in these higher reaches that the white sprays should be sought for.
This is the Highland
heather, in so far as there is such a thing. The crofter puts it to
endless uses, and finds it invaluable. To its services as a broom it
is said to owe its name, Galluna, to cleanse. The more poetic
rendering, to adorn, refers to the charm it lends to the
The common view,
therefore, that Scotland is the natural home of the heaths, because
it is so mountainous, is only very partially true. It would be much
nearer the truth to say that Scotland marks well-nigh the
northernmost limit of the heath zone, and only three of the hardiest
of an immense family have been able to penetrate so far.
If hills and hardship
had anything to do with it, then the east side of the North Sea is
still more favourable. The scene is more broken, the climate
severer, and more arctic than our own. If this were a northern type,
we should expect to find it flourishing there; whereas the first
thing that strikes a visitor to Norway, next to the abundance of
alpines, is the scarcity of heaths. This came as a surprise to the
experienced members of the Scottish Alpine Club.
“I climbed,” says
Archibald Geikie, “a slope, clothed with luxuriant masses of ferns,
bilberries, and cloudberries;” but no mention of heaths.
We are accustomed to
associate grouse and heather. Yet the Norwegian willow grouse, in
the absence of that shrub, thrives on something else. Our own grouse
are heather birds indeed, alike in tint and diet; but not hill
birds, seeing that heather is not a hill shrub. Some were doubtless
driven to the slopes, whose sole advantage is their dryness, as a
last refuge from the plough. As many still live on the plain as the
scanty patches of lowland moor left will support.
The ling alone seems
able to bear the severity of an extreme climate. It penetrates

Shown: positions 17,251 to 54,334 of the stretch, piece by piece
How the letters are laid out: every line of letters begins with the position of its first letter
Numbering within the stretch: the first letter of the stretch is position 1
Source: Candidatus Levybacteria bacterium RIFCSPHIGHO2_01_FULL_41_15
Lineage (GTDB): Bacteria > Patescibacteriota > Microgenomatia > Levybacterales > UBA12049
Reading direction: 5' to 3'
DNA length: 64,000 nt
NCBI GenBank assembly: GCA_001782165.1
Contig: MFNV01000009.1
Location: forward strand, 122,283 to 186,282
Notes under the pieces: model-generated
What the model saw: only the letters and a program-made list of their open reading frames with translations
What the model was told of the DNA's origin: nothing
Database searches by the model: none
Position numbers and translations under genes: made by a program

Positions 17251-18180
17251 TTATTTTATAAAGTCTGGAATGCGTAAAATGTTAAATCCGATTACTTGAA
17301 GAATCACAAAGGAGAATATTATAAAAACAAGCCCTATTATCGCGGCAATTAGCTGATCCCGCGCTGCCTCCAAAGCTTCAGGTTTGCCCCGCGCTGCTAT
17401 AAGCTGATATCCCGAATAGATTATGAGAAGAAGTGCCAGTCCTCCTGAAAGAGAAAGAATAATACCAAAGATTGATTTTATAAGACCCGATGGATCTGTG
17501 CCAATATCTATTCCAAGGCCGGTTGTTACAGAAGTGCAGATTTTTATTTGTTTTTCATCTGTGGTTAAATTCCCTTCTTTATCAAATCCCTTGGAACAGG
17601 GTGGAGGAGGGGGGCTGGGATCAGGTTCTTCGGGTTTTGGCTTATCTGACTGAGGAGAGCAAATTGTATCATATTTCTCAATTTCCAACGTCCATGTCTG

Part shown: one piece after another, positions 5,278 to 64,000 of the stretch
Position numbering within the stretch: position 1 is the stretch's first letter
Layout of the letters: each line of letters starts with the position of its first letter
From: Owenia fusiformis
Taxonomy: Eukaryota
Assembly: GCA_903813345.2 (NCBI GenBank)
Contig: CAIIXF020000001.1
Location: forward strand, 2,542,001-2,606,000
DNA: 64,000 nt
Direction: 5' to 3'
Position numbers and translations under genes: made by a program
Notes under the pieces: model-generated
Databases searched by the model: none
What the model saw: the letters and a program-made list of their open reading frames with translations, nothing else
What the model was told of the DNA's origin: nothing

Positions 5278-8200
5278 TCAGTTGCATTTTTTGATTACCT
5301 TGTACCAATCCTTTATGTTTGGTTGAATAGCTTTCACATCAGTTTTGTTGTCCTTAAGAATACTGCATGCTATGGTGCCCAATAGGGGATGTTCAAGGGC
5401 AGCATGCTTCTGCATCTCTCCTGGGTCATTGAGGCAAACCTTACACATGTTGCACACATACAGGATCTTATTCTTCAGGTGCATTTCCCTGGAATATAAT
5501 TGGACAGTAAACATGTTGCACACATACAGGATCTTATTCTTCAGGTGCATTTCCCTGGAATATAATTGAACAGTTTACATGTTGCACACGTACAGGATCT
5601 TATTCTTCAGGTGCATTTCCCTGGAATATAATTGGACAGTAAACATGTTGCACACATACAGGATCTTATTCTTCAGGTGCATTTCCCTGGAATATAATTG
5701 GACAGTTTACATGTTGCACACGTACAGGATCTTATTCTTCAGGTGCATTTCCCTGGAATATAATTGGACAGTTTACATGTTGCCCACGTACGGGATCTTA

within the polar circle, and appears on the arctic lowlands.
If this is the case
toward the north, what about the other direction?
Scarce in Norway, and
poorly represented here, the heaths increase in the number of
species as they tend farther south. Passing down, in a not very
broad belt, they culminate in the south of Africa, where they are
known to grow in endless variety and loveliness. Thence all the
delightful species which glorify our greenhouses, and may sometimes
be coaxed to grow outside, come. The heathers of the Cape, and the
primulas of Europe, are the just boast of all who possess them.
Thus, if anyone is
justified in using the shrubs as badges, it is not the Highlander,
but the South African. I can imagine a Scottish emigrant opening his
eyes at the unexpected revelation, and a visitor from the Cape
saying, “Do you call that a heath?”
Of the non-Scottish,
though British, heathers, there are other three—the spring flowering
Irish heath, with racemes of pink flowers, made more attractive by
the dark exserted anthers; the large-belled, fringe-leaved heath of
Dorset; and the dull, heavy Cornish heath.
These, with their
varieties, prefer the milder conditions of the west of Ireland and
the south of England; and their affinities are with southern rather
than with northern species. Thus the ling of the arctic lowlands,
and the vast profusion of the Cape of Good Hope, represent the two
All this has been
said in the interests of exactness, and with no intention of
destroying illusions which I most fervently share. There is still
enough heather in the Highlands, both for man and grouse.
Long may it be before
the search for the white sprig ceases to put the pink of the blossom
into the pale cheeks of maidens, and the vision of the purple, even
though it actually reveal itself nearer home, lure men “north
Long may the holiday
seeker—already half recuperated by the prospect—from his corner in
“The Flying Scotsman,” cry gaily to envious friends on the platform,
“For the heather!”
Even if there is not
much that is new in her rose or purple or pink, Scotland has still
an unapproachable background against which to present them. Never
heather on the plain looked like this.
The sun has long
dropped out of sight, and the summits are fast losing their
distinctness of outline. The hill-burn is beginning its twilight
song, so different, if only in imagination, from that of broad
daylight. Shadows are deepening under the woods. The stream runs
like a thread of silver down the dimming glen.
Tidy housewives come
out to the cottage doors. Their voices reach me here. The saunter
down is worse than the climb. I feel wondrous stiff; and tired
enough to sleep soundly, even on my procrustean couch.